Where's a good place to record your new album? How about an abandoned axe factory?

Small wonder the Toronto Star calls the band Parsonsfield "out of left field," and adds that they're "an eclectic American band which happily mingles Bluegrass, folk, jazz and anything else that comes to mind. Not only does their sound make that biblical 'joyful noise,' but the musicians themselves scamper around as though they were part of the cast of the Appalachian production of 'Lord of the Rings'."

But back to the axe factory. Though studios typically design their recording spaces to be "sonically dead," Parsonsfield decided to try just the opposite approach. The cavernous metal building that the band calls "a reverberant, reactive space" first had some quirks to overcome: like a half-inch of aged sawdust that required members to buy respirators and spend a whole day vacuuming and sweeping before making joyful noise with their instruments.

The formation of the band was from left field as well. It was put together only a week in advance of a show at a folk music club.

“I think we were really in an amazing state of wonder over folk music," says vocalist and banjoist (and founder) Chris Freeman, "and had so much fun playing together that we may have naively wanted to become the characters and folk singers we were singing about.” They list their main influences as traditional Bluegrass, Pete Seeger, the Band, and the Avett Brothers."

Parsonsfield's array of instrumentation is a show in itself. The drum set, for instance, has a bicycle wheel mounted atop it. Drummer Eric Hischmann often plays with only one drumstick, using--as the mood strikes him--a brush, maraca, or tambourine in the other hand.

Though some traditional drummers look askance at him, he shrugs it off. “It’s really not that hard," he says. "You just find different sh*t to hit the drums with.” The group's other instruments include a bow saw, a xylophone, a vibe, a pump organ, and sound effects that range from crickets to the creaking of an old screen door.

Their theatrical approach (at one point they performed six months in an original musical in Canada) gains excited plaudits from reviewers. Such as a critic from the influential online magazine No Depression, who says "On stage, Parsonsfield will give you rich five-part harmonies one minute, sound like bluegrass on steroids the next, and then rock you over the head with unbearably cool and raucous Celtic rhythms. All with taste and class.”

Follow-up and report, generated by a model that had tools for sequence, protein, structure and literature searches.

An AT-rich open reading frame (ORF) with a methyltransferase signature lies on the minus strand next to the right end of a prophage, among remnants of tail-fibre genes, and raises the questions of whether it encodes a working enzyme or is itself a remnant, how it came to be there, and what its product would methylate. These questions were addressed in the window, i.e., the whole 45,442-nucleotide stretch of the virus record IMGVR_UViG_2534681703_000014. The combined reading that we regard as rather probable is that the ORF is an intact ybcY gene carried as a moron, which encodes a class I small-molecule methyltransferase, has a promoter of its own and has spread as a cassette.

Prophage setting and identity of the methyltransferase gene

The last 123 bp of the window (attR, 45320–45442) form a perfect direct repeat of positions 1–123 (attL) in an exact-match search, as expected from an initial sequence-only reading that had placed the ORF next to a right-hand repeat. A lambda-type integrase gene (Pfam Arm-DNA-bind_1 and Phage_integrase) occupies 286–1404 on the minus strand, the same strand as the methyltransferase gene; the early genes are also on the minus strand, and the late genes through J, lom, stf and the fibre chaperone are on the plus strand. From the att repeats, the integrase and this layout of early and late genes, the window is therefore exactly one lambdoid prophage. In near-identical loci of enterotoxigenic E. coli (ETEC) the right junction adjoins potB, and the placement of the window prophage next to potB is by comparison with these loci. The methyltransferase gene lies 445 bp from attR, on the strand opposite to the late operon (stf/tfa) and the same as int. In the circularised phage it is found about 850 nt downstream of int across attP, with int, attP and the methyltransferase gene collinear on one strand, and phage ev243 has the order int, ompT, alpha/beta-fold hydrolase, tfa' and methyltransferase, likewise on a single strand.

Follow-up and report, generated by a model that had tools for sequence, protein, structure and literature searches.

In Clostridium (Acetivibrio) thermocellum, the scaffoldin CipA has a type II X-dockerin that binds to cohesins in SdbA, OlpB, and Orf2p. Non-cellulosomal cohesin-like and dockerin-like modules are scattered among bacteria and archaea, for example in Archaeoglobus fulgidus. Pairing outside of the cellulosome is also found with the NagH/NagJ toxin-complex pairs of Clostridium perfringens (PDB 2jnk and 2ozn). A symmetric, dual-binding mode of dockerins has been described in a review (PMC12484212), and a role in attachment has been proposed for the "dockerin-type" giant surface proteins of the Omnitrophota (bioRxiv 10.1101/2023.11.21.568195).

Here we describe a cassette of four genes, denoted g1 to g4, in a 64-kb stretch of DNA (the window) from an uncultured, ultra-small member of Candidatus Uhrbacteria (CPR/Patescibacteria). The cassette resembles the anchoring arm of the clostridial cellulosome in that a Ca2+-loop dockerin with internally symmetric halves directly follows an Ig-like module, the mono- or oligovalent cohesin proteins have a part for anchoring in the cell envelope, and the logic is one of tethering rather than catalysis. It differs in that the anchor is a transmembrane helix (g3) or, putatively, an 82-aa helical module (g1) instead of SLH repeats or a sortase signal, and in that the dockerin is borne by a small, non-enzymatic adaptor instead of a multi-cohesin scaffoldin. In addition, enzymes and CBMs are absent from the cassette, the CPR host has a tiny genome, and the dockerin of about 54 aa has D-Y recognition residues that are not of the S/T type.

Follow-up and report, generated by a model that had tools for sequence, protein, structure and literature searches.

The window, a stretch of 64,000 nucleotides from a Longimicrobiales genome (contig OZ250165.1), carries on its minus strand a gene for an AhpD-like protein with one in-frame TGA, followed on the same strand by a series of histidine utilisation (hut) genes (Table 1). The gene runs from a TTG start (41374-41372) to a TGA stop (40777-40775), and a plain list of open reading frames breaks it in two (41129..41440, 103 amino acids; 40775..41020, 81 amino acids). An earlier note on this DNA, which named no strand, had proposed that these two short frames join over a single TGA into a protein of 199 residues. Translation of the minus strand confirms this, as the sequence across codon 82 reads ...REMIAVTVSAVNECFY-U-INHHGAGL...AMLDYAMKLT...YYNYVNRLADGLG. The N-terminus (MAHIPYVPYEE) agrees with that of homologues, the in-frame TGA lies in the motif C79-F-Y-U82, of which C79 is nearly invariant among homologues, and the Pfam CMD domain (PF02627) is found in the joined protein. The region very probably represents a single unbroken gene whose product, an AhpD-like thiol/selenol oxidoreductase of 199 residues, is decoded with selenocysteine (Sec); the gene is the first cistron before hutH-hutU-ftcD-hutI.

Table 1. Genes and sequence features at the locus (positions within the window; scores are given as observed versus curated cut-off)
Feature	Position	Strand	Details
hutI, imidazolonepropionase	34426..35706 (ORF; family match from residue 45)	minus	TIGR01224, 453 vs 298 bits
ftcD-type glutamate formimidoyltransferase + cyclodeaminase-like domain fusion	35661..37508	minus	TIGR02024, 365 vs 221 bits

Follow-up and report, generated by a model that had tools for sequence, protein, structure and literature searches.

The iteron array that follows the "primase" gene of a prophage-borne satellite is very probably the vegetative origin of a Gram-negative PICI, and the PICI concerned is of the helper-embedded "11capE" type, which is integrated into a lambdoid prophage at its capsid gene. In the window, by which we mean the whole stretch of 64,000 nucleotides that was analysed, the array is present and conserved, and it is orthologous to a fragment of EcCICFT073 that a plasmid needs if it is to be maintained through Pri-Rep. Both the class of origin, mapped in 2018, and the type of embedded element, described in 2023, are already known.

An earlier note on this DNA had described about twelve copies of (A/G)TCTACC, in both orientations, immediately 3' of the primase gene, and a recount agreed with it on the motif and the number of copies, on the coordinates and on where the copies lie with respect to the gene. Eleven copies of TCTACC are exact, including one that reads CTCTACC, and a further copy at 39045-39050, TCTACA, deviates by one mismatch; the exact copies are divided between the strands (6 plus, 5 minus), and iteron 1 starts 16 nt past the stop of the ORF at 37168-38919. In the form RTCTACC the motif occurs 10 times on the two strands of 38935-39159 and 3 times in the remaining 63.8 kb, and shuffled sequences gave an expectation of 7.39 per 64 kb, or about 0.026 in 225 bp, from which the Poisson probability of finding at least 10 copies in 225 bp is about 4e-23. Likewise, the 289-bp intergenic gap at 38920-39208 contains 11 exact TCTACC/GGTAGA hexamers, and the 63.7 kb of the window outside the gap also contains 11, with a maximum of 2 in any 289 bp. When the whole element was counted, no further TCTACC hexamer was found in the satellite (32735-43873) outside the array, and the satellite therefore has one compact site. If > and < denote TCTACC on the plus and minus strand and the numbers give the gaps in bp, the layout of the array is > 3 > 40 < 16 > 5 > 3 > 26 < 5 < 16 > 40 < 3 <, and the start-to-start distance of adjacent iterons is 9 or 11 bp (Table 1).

No less a forum than The New York Times calls them "boisterously youthful yet deftly sentimental...I fully expect to hear more from this band as the years go on." Another reviewer wrote "Catch Parsonsfield onstage any night and the band's joy is palpable. They trade instruments, share microphones, and shoot each other big grins. They sing in tight multi-part harmonies, their voices blending like they've been doing this together all their lives. That's because Parsonsfield is a family band, not by birth but by choice. And with an album this thrilling, it's only a matter of time before you share their same enthusiasm."

Banjoist Freeman says the group, though haphazardly put together, has deepened their offstage bonds in the years since. "We've gone through countless struggles and triumphs, and we've learned to work through them together."

The title song of their newest album is a metaphor for that growth:

"She's blooming through the black / born of destruction / burned but she's coming back / bending towards the sun / she don't care about fitting in or falling out / she's just been waiting for the sun to come out / good things come slowly  / carrying a little pain in tow / good things come slowly / got to have a little room to grow..."

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